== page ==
Charging robots and AI valets: VW Group reveals its autonomous parking plans

Published: 16 April 2018

► Tech should be here on VW Group cars by 2020
► Being test in Hamburg airport for now
► Porsche aims to solve biggest EV charging issue

The Volkswagen Group just revealed a new development around autonomous parking – but it’s also let slip on some very interesting plans Porsche has for EV charging. In a release late last week, the VW Group revealed it’s working with Hamburg Airport to test new autonomous parking software. However, it also included information about a charging robot that’ll fix one of electric car owners' biggest issues... 

Let’s talk about the autonomous parking first…

The aforementioned initiative sees Porsche, Audi and Volkswagen cars autonomously navigate to spaces in Hamburg Airport’s multi-story car park – effectively removing the need for a parking valet. The average Brit looks for a parking space for around 44 hours a year – so it’s worth the R&D…

According to the the VW Group, the cars use pictorial markers, so the technology could be transferred to any car park. Interestingly, that also suggests the system must mainly rely on onboard cameras – though radar and parking sensors are probably used to supplement them.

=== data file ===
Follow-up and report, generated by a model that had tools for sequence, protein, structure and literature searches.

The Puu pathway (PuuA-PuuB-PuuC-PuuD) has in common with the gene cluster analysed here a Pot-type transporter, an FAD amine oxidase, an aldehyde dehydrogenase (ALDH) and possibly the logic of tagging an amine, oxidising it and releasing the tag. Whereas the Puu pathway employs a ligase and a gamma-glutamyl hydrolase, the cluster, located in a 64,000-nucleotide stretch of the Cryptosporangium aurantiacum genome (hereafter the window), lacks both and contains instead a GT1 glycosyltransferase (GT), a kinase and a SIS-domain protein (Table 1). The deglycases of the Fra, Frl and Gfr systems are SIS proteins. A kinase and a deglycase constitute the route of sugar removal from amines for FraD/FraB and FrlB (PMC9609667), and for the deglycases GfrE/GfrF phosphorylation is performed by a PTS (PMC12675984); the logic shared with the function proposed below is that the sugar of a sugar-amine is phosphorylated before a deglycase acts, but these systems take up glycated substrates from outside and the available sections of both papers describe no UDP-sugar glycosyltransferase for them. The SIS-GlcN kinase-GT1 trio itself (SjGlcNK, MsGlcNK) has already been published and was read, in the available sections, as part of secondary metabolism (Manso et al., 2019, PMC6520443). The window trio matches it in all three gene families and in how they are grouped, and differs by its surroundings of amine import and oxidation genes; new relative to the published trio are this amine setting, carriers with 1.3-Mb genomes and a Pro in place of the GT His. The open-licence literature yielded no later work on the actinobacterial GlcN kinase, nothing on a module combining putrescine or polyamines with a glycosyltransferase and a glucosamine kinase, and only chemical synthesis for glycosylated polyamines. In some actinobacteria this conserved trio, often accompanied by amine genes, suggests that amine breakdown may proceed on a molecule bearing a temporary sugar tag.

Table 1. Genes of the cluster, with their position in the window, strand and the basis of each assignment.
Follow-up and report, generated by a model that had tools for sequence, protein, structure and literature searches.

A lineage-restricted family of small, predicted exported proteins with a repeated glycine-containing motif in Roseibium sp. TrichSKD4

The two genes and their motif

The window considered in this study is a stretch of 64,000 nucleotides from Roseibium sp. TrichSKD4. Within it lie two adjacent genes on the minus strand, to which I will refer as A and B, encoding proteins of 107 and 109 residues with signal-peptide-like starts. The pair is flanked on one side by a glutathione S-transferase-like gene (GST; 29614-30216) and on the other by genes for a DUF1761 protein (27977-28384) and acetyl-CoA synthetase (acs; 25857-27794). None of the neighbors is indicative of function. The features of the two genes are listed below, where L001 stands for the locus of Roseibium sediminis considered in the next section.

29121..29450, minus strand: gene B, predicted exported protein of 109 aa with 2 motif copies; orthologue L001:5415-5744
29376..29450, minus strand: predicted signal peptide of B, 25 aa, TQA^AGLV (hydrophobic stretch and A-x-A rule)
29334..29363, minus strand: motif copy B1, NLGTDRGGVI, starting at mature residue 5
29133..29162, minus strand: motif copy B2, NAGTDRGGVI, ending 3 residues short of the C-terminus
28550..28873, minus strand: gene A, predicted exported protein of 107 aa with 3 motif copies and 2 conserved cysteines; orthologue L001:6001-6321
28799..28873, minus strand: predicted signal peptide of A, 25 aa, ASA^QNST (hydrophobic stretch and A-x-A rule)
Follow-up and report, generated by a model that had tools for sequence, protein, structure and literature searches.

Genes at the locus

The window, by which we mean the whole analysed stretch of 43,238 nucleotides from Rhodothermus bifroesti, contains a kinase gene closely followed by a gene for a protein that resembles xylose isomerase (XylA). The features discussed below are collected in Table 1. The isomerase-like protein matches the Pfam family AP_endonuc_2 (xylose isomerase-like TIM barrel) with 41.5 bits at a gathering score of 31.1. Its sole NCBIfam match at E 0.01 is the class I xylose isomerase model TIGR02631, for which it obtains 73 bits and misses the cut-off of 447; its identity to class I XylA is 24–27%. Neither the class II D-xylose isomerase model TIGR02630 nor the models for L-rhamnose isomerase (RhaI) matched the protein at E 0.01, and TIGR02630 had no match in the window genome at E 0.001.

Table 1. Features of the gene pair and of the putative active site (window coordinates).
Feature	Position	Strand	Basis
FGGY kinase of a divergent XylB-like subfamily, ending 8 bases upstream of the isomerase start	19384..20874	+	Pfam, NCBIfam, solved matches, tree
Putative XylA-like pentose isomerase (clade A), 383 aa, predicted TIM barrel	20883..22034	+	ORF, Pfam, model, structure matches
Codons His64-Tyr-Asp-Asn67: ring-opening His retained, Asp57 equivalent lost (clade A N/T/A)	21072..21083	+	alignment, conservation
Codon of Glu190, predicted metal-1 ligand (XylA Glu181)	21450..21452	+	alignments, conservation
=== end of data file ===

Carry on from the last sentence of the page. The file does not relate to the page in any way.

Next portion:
Right now, the system is in areas of car park without pedestrians or other traffic; in future the VW Group is aiming to roll the system out to entire car parks. It’s not far away either, VW says you’ll be able to spec cars with the technology by the beginning of the next decade.

Autonomous parking can make an important contribution to creating convenient, stress-free mobility for our customers,’ said Johann Jungwirth, chief digital officer of the Volkswagen Group. ‘We therefore want to democratise the technology and make it accessible to as many people as possible.'

And what about this charging robot?

In the same release, Porsche’s head of electrics/electronics development Uwe Michael, talks about robots that will charge your car for you – freeing up the charging infrastructure, and solving one of the biggest issues with EVs and PHEVs.

The idea is simple: with charging bays at a premium, Michael envisages a system where cars will autonomously drive themselves to charging bays to be charged by robots which automatically connect to EVs or hybris. Once a car is juiced up, these robots will remove their charging arms allowing the car to park somewhere else.

After that, another EV or PHEV will arrive, the robot will automatically connect its charging arm, and the process will continue. The result? Cars will be charged automatically, and people can't hog power points.

By Curtis Moldrich

CAR's online editor and racing-sim enthusiast